Protein crystal growth soon became a major program within NASA, and they provided grants to several academic groups to pursue a variety of projects to better understand this important field on Earth. A protein crystal growth research program was established at the Marshall Space Flight Center, and we expanded our program in Birmingham to help coordinate microgravity protein crystal growth experiments with numerous collaborators from other universities and from the pharmaceutical industry. Larry Delucas became our key leader in Birmingham for coordinating our space activities, and we were soon performing experiments on most Shuttle flights. Meanwhile, the demands on my time from NASA became more and more overwhelming, especially as planning for the construction of the Space Station picked up momentum. It was assumed within NASA that protein crystal growth would be a major program on the Space Station, and facilities to accommodate that program were being included in all of the early stage planning for the Station. The tentative plans even included serious discussion of including an X-Ray diffraction facility onboard the Space Station so that crystals could be characterized quickly, and complete data sets might be collected without waiting for return to Earth. I ended up as Chairman of the Biotechnology Discipline Working Group of the Universities Space Research Association; a Member of the Committee on Industrial Applications of the Microgravity Environment, Space Applications Board, National Research Council; and a Member of the NASA Space Station Science and Applications Advisory Subcommittee. Since the Space Station was an international effort, I was called on often to meet with science groups from Europe and Japan. Beginning in 1985, I was Principal Investigator of the large, and rapidly expanding NASA contract to support the microgravity program in protein crystal growth, including funds for all of the space activities; for construction of special equipment for microgravity experiments; for research in our Center to better understand factors that affect crystal quality; for coordination of the rapidly expanding international group of collaborators who were steadily joining the program; and for the hiring and management of engineers and other personnel required to meet the NASA demands for huge quantities of paperwork. Our key personnel working on the program were screened and given high level government clearance that would allow them to have ready access to NASA facilities, and we established laboratory facilities at the Kennedy Space Center for preparing experiments close to the launch site. The research group at the Marshall Space Flight Center also grew to include protein crystallography and basic programs in protein crystal growth. I was spending a huge part of my time flying from one NASA meeting to another, including many in Europe and Japan, while I really needed and wanted to concentrate on our other protein crystallography programs, the exciting protein structural studies we had underway, and our fruitful collaboration with BioCryst in structure-based drug design.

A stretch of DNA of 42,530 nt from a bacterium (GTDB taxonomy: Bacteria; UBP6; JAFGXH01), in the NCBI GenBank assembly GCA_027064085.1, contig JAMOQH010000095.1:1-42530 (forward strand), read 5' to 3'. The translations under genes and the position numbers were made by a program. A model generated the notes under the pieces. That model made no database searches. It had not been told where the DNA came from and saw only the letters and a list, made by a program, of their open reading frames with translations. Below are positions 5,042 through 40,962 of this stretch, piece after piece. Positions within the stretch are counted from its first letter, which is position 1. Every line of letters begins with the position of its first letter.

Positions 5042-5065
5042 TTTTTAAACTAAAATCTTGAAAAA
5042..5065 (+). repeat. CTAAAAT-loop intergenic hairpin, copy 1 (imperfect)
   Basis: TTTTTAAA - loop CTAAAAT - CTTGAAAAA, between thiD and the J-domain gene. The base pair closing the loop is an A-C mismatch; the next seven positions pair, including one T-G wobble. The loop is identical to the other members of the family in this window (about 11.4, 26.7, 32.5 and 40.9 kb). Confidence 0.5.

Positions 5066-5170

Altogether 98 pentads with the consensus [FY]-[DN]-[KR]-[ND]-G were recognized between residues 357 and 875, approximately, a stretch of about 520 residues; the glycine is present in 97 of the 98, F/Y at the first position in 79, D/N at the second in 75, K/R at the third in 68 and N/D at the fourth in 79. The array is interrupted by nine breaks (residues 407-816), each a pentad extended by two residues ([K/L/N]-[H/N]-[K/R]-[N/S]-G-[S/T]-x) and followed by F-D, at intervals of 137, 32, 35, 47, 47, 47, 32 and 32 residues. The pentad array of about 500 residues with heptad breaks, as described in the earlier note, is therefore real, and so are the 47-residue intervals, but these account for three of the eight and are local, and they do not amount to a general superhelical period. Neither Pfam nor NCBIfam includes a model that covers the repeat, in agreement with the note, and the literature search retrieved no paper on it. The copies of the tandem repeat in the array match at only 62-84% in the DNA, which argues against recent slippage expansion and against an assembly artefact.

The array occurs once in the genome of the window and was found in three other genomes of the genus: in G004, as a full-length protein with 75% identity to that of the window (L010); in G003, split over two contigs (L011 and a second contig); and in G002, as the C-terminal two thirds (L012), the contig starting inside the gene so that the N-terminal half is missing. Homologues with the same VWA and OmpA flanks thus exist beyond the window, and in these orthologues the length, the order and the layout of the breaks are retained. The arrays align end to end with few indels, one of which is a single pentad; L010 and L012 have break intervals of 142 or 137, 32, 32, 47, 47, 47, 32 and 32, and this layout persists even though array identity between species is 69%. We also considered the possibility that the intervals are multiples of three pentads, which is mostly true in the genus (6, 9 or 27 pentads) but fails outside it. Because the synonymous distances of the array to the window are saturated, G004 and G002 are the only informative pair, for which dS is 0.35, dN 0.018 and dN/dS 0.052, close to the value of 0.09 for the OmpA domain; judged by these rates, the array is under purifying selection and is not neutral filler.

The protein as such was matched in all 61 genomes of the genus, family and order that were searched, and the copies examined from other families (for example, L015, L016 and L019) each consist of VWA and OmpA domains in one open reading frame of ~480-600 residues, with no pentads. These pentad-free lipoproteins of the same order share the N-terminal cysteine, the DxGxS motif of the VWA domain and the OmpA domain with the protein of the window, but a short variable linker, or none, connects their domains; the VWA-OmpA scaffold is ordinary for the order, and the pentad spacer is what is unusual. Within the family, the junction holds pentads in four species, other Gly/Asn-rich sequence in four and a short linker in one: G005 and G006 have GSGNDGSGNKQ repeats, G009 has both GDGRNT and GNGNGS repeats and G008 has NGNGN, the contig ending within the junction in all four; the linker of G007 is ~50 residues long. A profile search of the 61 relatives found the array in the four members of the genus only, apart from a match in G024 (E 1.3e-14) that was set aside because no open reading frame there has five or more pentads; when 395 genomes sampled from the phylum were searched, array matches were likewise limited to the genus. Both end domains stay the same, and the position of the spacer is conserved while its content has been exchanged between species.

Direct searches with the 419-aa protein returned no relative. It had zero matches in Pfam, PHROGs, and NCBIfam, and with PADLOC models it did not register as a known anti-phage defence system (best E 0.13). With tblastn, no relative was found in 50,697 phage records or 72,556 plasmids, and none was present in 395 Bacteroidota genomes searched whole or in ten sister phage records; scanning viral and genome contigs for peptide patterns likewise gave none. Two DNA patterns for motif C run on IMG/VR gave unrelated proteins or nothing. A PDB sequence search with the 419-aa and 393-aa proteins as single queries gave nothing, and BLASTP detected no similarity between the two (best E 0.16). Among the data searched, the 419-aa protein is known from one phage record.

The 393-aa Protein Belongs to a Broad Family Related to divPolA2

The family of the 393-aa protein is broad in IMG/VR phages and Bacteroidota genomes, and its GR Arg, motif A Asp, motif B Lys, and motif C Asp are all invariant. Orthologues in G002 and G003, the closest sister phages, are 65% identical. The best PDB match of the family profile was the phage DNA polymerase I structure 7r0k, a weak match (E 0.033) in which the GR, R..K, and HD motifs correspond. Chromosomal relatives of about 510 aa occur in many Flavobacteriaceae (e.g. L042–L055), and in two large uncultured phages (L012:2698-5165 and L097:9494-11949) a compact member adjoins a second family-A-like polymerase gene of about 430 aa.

Fortunately, Larry Delucas was completely dedicated to our NASA program, and he was soon heavily involved in coordinating all aspects of the program. He had the scientific background and the personality to smooth over the multiple bumps that confronted us daily and to interface effectively with our many colleagues in NASA and did a wonderful job overseeing all of our space experiments, supervising design of our evolving protein crystal growth equipment, training Payload Specialists to perform our Shuttle experiments, and interacting with the program managers within NASA.



Figure 21: Relative Wilson plots were one of the methods used to compare the order of space-grown protein crystals with their earth-grown counterparts. These plots have been used historically for scaling protein diffraction data sets from heavy-atom derivatives, to correct for the disordering effects that are often caused by heavy-atom binding in protein crystals. Debye-Waller factors (B) are a function of root-mean-square displacements of atomic positions in crystal structures. Although B values are normally a measure of thermal motion, the B values also are affected by disorder at the molecular level in crystals. The slope of a relative Wilson plot is a measure of differences in order when diffraction data sets from different crystals are compared.

Figure 22. Relative Wilson plots comparing crystals of gamma interferon. The upper plot (black) compares data sets from earth-grown crystals. The slope is close to zero, which is to be expected if the order is unchanged. The lower plot (red) compares data from space-grown crystals with data from earth-grown crystals, and displays a slope indicating that the crystals grown in microgravity appear to be more highly ordered than those grown on earth.